SA Navy gets another boost in fight against piracy, smuggling

The blessing ceremony of the SA Navy’s third Multi-mission Inshore Patrol Vessel (MMIPV).Picture: Ayanda Ndamane/Independent Newspapers

The blessing ceremony of the SA Navy’s third Multi-mission Inshore Patrol Vessel (MMIPV).Picture: Ayanda Ndamane/Independent Newspapers

Published Mar 5, 2024


In an important milestone, Damen Shipyards Cape Town (DSCT) hosted the blessing ceremony for the third multi-mission inshore patrol vessel (MMIPV) to be delivered as part of Project Biro.

The event was attended by various dignitaries from the Department of Defence, Armscor and the SA Navy.

DSCT, a joint venture between the Damen Shipyards Group based in the Netherlands and South Africa-based Montsi Investments, has been operational in South Africa since 2007 when the Damen Group acquired the facilities and hired the personnel of Farocean Marine shipyard.

The partnership between DSCT, Armscor and the SA Navy plays a crucial role in ensuring the success of Project Biro and the delivery of three state-of-the-art MMIPVs.

The first MMIPV, SAS King Sekhukhune I, was delivered in May 2022 to Armscor, with the SA Navy commissioning the second MMIPV, SAS King Shaka Zulu, in October 2023.

The MMIPVs are designed to deliver a rapid response capability along South Africa’s coastline to counter piracy, illegal fishing, and smuggling operations. Their Sea Axe Hull design, patented by Damen, ensures exceptional seakeeping behaviour, reduced fuel consumption, and enhanced safety and comfort on board.

“The ongoing partnership between Armscor, the SA Navy and DSCT has significantly impacted maritime security and the shipbuilding industry. Together we have been able to empower small and medium enterprises and build three world-class vessels entirely in South Africa. We have also built, commissioned, trialled, and delivered two Damen designed 20m tugs modified for use by the SA Navy submarines and two Damen-designed 20m tugs for general use by the SA Navy,” said DSCT director Sefale Montsi.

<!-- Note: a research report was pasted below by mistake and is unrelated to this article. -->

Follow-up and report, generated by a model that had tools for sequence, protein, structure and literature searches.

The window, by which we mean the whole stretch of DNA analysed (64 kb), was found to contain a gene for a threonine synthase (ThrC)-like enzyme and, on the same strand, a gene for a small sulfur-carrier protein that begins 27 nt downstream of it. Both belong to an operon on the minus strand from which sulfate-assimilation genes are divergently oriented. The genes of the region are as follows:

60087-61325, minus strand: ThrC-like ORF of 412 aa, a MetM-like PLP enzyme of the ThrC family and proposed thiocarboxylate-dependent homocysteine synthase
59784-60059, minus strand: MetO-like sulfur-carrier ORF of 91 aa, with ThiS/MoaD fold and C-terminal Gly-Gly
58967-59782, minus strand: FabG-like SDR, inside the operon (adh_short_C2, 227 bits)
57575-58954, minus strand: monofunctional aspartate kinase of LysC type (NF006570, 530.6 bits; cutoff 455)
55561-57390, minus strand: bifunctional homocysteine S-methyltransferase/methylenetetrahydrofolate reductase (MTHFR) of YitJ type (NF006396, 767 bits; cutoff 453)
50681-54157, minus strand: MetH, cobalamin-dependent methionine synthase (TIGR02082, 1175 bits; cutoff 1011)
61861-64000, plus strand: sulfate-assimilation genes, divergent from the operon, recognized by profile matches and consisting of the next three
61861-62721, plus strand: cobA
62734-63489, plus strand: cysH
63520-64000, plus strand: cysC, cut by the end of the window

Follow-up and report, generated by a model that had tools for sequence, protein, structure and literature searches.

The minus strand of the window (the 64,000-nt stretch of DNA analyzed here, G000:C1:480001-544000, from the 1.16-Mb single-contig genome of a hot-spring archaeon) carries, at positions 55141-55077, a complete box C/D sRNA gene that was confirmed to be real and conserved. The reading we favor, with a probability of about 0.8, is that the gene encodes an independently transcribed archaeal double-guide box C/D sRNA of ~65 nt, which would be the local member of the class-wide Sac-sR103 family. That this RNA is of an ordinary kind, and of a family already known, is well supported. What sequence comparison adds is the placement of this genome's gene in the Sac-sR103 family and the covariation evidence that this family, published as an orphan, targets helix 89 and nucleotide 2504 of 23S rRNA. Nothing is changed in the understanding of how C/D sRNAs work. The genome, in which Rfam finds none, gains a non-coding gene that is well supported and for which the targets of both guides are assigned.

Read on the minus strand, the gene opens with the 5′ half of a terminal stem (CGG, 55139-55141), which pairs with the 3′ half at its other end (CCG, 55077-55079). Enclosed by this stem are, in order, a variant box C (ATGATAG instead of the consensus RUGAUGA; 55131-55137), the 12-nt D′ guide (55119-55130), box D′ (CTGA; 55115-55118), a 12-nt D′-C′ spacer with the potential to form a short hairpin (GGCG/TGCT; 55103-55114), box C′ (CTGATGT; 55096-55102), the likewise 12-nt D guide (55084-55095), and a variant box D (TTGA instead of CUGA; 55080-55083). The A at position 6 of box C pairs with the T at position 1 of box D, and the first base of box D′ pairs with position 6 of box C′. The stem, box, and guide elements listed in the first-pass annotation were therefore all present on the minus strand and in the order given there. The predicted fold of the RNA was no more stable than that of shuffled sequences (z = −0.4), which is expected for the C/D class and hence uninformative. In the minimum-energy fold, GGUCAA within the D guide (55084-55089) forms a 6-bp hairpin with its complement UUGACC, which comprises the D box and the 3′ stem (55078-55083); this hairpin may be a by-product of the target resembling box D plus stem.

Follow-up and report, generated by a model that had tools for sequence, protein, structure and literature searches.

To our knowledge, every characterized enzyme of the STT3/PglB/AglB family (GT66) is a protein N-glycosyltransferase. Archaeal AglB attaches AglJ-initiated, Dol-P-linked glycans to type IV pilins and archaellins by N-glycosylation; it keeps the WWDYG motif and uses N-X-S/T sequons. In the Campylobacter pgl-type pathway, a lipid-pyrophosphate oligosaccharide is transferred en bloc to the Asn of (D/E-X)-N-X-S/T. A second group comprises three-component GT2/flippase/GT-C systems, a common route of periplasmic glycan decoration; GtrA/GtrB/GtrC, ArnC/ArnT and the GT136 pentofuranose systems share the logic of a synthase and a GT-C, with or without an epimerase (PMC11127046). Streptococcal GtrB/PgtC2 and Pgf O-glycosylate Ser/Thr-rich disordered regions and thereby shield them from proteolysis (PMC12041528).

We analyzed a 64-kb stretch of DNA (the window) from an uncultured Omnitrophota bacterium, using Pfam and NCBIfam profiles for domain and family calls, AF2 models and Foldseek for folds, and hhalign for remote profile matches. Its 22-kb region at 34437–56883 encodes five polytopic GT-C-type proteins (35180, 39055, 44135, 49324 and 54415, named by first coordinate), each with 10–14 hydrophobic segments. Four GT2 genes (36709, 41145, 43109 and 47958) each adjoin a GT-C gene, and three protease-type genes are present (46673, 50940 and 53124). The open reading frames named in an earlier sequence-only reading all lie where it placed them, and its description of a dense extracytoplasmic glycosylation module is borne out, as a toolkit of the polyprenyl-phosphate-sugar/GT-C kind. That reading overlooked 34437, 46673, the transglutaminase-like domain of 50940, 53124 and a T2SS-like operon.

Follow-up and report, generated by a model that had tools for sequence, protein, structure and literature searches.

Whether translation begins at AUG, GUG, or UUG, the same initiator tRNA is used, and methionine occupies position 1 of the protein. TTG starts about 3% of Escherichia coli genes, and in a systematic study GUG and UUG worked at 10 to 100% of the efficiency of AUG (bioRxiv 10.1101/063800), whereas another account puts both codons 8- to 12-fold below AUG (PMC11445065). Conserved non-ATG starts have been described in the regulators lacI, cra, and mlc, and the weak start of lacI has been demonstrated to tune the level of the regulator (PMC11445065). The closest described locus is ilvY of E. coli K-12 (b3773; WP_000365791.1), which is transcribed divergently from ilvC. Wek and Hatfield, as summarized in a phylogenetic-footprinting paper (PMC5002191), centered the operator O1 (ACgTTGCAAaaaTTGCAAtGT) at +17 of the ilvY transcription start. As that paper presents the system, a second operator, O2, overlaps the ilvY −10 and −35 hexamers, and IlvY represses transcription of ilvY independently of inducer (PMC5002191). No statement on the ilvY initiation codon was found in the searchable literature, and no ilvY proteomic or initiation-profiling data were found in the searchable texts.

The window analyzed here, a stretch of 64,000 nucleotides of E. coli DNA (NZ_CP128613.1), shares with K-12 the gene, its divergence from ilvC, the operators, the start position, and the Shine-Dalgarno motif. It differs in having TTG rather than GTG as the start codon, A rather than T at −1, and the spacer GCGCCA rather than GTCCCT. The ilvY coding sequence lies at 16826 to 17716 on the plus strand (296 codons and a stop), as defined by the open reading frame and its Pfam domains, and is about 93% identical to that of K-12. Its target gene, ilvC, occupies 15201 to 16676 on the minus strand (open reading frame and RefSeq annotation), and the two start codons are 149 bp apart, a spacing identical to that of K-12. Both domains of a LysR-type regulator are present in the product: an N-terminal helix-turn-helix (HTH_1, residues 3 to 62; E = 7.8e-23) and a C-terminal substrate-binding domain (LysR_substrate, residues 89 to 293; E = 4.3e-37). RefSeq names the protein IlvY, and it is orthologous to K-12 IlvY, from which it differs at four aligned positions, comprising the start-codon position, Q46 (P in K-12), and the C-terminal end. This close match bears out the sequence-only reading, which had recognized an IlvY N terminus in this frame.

“We look forward to strengthening our relationships with both Armscor and the SA Navy through our operational support services, which will extend long after the handing over of the vessel.”

Since its inception, Project Biro has made significant contributions to job creation and the development of small and medium enterprises.

A total of 848 local vendors actively participated in the construction of the MMIPVs. Throughout the project, DSCT estimates that more than one million man-hours of work were generated, reinforcing regional supply chains, and creating opportunities for skilled job seekers. Over the years, this project has actively supported more than 1 000 direct jobs and employed nearly 4 000 individuals indirectly.

Project Biro has also led to the transfer of skills from international experts to local professionals.

To date, 50 apprentices who have worked on Project Biro have graduated as artisans from the DSCT Skill Development Centre. The skills that have been developed include welding, boiler making, outfitting, various electrical and automation skills, carpentry, painting, pipe fitting, plumbing, yard planning, manufacturing skills and logistic experience.

“The project has been a bridge connecting the expertise of the global maritime community with the talent and potential that exists right here in South Africa.

“It has not only strengthened DSCT’s capabilities, but has also contributed to the development of a skilled workforce in our country. As a result of this skills development and growth, DSCT can confidently say we are ready to build more ships for the South African Navy,” said Montsi.

Chief of the SA Navy, Vice-Admiral Monde Lobese, said: “Today marks the blessing of the third multi-mission inshore patrol vessel, a testament to the vision and perseverance of Project Biro. While the acquisition of offshore patrol vessels remains on hold.”

The blessing ceremony of the SA Navy’s third multi-mission inshore patrol vessel (MMIPV). It was a monumental occasion as the vessel, built entirely in South Africa, was unveiled, marking a significant milestone in enhancing maritime security. The vessel has rapid response capabilities and it will be used in countering piracy, illegal fishing, and smuggling operations. Picture: Ayanda Ndamane Independent Newspapers